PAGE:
Tom Denford:
21:34
This endless search for personalization, for attribution, for complete accountability. That never actually made sense of course that's not possible. As Bob Hoffman calls it, there's sophisticated surveillance operations not serving anybody at all other than the platforms, and the infrastructure believes that that's what marketers want. Marketers have been demanding it because they've been told that that's what they should demand, its gone around and around in circles. I think that now they're pulling back is my observation, slowly from that, and realizing the need to invest some time in their brands a bit more.
Tom Goodwin:
22:09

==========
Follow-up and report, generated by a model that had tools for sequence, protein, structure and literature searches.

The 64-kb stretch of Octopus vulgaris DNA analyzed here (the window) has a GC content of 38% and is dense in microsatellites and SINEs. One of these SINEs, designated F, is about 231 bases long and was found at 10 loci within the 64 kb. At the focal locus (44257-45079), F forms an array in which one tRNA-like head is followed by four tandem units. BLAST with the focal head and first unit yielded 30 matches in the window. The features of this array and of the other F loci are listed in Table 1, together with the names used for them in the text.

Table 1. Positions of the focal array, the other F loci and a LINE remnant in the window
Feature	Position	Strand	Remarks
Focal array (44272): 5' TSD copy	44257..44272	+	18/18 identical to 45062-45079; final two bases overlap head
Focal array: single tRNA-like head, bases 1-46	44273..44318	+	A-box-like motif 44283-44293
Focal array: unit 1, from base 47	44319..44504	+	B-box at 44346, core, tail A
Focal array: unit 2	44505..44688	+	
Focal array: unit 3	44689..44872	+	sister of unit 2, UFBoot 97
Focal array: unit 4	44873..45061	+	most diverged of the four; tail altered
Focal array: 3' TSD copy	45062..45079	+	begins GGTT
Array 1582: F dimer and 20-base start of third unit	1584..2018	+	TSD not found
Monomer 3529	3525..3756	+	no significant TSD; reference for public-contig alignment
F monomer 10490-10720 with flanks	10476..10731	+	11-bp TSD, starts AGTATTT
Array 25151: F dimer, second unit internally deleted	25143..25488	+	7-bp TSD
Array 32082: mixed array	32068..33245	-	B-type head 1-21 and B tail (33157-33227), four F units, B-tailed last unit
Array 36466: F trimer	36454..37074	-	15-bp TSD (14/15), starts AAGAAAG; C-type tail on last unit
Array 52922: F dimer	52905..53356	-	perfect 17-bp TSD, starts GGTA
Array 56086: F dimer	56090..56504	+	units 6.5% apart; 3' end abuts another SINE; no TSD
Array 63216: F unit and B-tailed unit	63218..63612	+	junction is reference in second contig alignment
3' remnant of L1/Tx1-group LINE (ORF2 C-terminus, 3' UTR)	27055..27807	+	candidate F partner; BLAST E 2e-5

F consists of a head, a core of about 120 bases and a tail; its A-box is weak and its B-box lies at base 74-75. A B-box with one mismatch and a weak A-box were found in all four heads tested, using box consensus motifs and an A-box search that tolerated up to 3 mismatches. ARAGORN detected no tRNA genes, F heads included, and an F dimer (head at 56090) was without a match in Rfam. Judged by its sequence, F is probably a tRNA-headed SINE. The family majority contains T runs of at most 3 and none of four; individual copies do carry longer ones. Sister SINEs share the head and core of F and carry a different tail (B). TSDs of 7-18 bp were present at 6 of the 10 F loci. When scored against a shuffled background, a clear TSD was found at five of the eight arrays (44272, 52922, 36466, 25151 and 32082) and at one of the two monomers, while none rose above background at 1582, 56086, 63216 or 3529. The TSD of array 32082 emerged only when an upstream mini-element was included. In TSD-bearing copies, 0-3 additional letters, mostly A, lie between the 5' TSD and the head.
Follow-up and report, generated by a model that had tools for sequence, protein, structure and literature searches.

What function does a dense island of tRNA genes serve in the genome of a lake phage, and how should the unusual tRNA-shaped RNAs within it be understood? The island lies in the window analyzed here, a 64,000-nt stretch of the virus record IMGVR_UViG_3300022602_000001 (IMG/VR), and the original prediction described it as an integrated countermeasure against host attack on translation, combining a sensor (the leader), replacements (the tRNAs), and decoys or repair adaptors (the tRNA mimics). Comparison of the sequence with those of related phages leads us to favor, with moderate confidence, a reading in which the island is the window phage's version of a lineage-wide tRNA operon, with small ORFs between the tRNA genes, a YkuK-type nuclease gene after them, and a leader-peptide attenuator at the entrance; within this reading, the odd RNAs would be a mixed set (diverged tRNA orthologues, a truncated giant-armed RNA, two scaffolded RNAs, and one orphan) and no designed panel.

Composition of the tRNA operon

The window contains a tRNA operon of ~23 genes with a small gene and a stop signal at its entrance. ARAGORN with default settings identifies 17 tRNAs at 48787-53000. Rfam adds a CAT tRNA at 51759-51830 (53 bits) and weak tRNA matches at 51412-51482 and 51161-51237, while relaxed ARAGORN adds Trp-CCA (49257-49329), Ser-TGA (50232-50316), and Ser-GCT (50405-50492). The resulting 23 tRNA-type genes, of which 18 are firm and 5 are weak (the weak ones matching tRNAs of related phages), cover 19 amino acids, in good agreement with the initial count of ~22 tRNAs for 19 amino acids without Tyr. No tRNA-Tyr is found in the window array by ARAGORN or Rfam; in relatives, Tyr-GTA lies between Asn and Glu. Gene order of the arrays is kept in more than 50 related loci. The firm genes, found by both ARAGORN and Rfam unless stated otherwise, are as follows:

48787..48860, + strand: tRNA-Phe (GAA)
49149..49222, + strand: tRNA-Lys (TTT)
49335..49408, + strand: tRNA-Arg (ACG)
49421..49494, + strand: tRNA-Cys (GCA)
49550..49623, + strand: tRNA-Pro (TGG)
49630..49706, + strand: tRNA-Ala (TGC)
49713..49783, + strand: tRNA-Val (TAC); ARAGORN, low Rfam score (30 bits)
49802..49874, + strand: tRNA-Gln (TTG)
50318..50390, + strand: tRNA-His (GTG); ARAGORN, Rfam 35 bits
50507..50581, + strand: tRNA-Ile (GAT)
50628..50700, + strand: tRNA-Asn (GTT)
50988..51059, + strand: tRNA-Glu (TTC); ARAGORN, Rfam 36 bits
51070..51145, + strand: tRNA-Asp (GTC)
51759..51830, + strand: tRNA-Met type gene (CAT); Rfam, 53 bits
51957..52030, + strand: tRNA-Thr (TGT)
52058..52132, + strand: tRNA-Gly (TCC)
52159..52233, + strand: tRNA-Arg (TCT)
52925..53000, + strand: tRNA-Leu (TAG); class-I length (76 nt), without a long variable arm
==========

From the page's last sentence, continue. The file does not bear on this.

I think that is where we're getting to. I mean you would have more exposure to those kind of conversations that I have. My sense is that it's a bit like a kind of movement in architecture like postmodernism where for so long modernism was the kind of trendy new thing and you almost had to sort of build that way otherwise everyone thought you were an idiot because they thought you were just naive and stupid and you hadn't learned about this new technique. Then postmodernism came away and kind of, because people were confident enough in modernism, they are able to sort of, um, subvert it and to sort of retreat back to more traditional principles that actually worked for years. And I think we're seeing the same in the digital landscape, which is why I call it post digital, where for so long if you didn't have a presence on Twitter, people just assume you'd never heard of Twitter. They didn't think that you decided against that they thought you were ignorant. And for so long, if you didn't spend a lot of money on digital media, the assumption was that you were stupid. And I think we saw all of this glancing at each other and making sure that we were doing the same thing collectively. That you felt stupid if he didn't have tons of data and you felt stupid if you weren't doing everything that seemed modern and then now we're getting to the point where people are happy to say no and to say no knowing that they've tried it and knowing that the rest of the industry won't think they're stupid. And I think that could be a movement that sort of gathers momentum. But there's this sort of vulnerability and simplicity as well as as an agency I think we feel quite scared if we just make it seem like it's not that complex. You know we have to stick in 25 different charts to show our strategic planning approach cause you feel like that's what people spend money on. But actually I just think being confident enough and empathetic enough and understanding people enough, people can buy that. It's just quite hard to demonstrate that with charts.